“When you get hit in the face, you retaliate don’t ya?” Mulkey asked me. “Well, Brittney can’t. Brittney can’t taunt in a game. And that’s the frustrating part of the other night. She can’t. She can’t do that. She can’t play streetball. I think I read where (Louisville coach) Jeff Walz said he was telling them to play streetball. You don’t want to play streetball with Brittney Griner. You don’t win. But Brittney Griner didn’t play streetball the other night. She can’t play streetball. She can never put herself in that position because of what happened her freshman year (an infamous punch) and because of who she is and how powerful she is.”
Did the entire game of women’s college basketball make the necessary and appropriate adjustments to keep pace with the raw skills and size Griner brought to the game? And will we ever see another Brittney Griner?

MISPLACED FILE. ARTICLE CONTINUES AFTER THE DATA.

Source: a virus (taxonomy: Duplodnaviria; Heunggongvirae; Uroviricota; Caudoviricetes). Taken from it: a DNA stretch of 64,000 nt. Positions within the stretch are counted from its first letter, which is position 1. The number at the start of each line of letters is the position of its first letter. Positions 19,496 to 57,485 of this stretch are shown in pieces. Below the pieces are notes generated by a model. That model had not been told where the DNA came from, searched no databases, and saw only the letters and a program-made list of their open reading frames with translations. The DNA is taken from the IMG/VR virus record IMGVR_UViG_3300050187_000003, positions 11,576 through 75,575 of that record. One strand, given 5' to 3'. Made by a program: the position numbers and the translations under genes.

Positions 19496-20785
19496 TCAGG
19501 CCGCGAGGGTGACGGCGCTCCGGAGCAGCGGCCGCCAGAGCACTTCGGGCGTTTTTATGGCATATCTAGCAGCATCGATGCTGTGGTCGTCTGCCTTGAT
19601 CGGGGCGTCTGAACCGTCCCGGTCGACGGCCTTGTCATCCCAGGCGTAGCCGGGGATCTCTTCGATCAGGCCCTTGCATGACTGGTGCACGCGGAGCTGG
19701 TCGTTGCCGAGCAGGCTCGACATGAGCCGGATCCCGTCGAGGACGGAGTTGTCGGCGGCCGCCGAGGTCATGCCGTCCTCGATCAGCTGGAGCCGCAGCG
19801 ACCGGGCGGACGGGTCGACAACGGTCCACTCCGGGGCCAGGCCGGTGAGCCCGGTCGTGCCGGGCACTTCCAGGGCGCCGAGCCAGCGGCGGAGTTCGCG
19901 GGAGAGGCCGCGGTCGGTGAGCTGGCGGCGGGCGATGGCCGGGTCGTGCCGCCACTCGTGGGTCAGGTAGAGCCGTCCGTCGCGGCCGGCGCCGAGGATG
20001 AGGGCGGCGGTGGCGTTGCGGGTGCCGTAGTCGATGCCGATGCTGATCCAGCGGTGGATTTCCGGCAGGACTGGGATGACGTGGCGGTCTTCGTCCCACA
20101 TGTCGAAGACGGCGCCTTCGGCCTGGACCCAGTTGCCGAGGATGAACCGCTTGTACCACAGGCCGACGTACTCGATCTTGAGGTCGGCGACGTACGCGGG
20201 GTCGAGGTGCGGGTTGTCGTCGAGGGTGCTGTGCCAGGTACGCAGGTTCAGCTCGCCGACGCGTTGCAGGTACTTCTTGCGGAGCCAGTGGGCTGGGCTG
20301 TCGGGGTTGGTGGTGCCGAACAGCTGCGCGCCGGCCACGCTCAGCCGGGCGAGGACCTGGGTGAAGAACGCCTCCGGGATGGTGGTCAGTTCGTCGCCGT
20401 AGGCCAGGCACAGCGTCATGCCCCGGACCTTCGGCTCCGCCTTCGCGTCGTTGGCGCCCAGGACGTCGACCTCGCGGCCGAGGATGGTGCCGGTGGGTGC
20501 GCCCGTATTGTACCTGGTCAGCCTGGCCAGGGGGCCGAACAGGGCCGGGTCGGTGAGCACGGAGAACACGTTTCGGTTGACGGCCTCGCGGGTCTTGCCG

“All of us, from the time she walked on this campus, I said, ‘We all have to adjust to Brittney Griner,’ ” Mulkey said. “I have to adjust because I’ve never coached a kid that can play above the rim. Opposing coaches are going to have to adjust because what you normally do against a team, you’re not going to be able to do against Brittney Griner. Officiating has to adjust. We all had to adjust. While we made progress, we still, as obvious as you saw the other night in the game, we didn’t finish it. She came and she left, and she’s gonna move on now. We didn’t get it completed is what I’m trying to say. Do I think there will ever be another Brittney Griner? I honestly don’t ever think there ever will be one in my lifetime that will do the things that she did. There will be dominant 6-8 players. But I’m not sure that I will ever see one that can just flat-out play above the rim, on the move, off the move, alter shots. I don’t know, because I don’t know that God makes many like that.”